So cholaji, in a nutshell, your argument is that India should go to "war" and "teach China a lesson" before about 2020. Could you explain your view of the end-game - where the war will lead, and what the post-war Indian economy and survival scenario after the Chinese have "learned their lesson"? For instance do you expect the chola empire to be unaffected by this war? Or become dominant again in south/southeast Asia? Do we have a plan for administering the conquered cities/ruins of Shanghai, Beijing, Hang-zhou etc?

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Re: Neutering & Defanging Chinese Threat (09-08-2014)

Postby pragnya » 16 Sep 2017 17:36

The regular incursions, stare ins, bombast and heightened activity along the unsettled boundary serve no purpose other than instability, creating doubts about each others' activities and pulling the relations back to square one. Both India and China at the moment suffer from a grave 'trust deficit' which can easily lead to unintended consequences. Given the capabilities of both, 'War' is not an option for either and would end only in a stalemate with major loss to both the conutries and putting their economies back by 'years'. The sooner they settle the border the better for both atleast in as much as incursions, skirmishes, hot border etc. while the bigger geopolitical, strategic play will go on as they did between USA and USSR.

One would recall atleast in the not so distant past, the ex Chinese SR Dai Binguo and others have spoken of a package settlement meaning India has to make concessions in the West while they make in the East. It is another matter that they have recently introduced new elements like South Tibet, naming the towns of Arunachal etc. as a bargaining tool probabaly to get the concessions in the West which is strategiaclly of more value for them vis a vis the highway connecting the Xinjiang province to Tibet apart from being a gateway to Eurasia. While one doesn't know the contours of the package some (hint?) may have come or can be deciphered? From -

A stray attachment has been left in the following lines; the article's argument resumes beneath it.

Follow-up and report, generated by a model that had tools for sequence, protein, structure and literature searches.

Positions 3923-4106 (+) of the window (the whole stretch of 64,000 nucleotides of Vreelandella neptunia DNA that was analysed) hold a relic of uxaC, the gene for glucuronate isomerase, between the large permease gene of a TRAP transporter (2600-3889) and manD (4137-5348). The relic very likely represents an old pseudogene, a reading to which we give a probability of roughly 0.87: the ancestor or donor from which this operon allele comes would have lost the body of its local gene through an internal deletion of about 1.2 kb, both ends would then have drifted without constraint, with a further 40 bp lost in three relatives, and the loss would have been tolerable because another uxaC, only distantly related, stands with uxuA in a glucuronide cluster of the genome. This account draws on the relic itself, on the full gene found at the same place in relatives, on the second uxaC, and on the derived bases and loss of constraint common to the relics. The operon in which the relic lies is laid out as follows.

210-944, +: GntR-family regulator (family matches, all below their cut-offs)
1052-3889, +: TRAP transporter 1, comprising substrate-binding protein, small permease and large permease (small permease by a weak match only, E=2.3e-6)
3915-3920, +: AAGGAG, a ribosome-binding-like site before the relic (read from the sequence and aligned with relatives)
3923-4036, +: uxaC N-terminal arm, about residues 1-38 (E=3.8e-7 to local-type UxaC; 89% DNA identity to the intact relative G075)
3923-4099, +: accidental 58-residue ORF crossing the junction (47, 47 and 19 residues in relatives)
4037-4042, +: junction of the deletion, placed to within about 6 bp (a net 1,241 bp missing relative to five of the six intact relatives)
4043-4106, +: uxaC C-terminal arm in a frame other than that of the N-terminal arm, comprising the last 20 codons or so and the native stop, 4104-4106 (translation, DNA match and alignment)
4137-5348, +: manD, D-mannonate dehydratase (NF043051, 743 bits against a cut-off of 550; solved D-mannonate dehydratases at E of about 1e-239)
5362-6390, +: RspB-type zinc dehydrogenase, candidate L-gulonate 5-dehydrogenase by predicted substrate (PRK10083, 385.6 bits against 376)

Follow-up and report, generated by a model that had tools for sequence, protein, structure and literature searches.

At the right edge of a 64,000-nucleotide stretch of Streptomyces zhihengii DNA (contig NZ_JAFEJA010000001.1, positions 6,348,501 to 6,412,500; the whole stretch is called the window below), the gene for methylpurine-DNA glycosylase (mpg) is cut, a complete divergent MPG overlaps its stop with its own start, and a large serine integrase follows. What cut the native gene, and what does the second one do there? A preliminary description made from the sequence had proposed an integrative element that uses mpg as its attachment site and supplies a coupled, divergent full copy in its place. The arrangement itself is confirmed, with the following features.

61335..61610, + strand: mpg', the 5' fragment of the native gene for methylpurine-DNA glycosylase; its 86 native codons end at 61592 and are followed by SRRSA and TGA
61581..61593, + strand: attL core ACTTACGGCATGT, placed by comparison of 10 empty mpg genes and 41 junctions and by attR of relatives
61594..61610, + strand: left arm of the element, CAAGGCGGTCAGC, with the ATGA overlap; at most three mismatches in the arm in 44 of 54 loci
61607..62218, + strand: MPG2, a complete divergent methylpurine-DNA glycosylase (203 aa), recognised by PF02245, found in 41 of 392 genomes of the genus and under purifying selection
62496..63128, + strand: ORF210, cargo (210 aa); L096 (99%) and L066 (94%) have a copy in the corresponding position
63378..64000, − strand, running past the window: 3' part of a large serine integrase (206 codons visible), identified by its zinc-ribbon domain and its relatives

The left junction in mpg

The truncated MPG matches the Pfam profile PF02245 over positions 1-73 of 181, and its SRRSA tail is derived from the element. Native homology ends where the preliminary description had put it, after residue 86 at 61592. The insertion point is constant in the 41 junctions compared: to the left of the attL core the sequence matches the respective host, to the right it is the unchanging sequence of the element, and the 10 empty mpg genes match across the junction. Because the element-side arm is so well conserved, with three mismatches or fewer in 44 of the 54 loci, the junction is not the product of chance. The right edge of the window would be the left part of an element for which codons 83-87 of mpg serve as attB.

China on Monday urged India to abide by the Line of Actual Control (LAC) position of 1959, following last week’s scuffle between troops of the two countries along the Pangong lake in Ladakh.

To a question, Chinese Foreign Ministry spokesperson Hua Chunying accused Indian troops of undertaking “violent actions” and injuring Chinese personnel.

The Ministry urged India to abide by the “1959 LAC” — an apparent reference to the alignment espoused by former Chinese Premier Zhou en Lai in a letter to Prime Minister Jawaharlal Nehru. In his 2016 book, Choices: Inside the Making of India’s Foreign Policy , former National Security Adviser Shivshankar Menon points out that in the proposal of November 1959, the Chinese describe the LAC “only in general terms on maps not to scale”. India rejected the proposal in 1959 and 1962.[/b]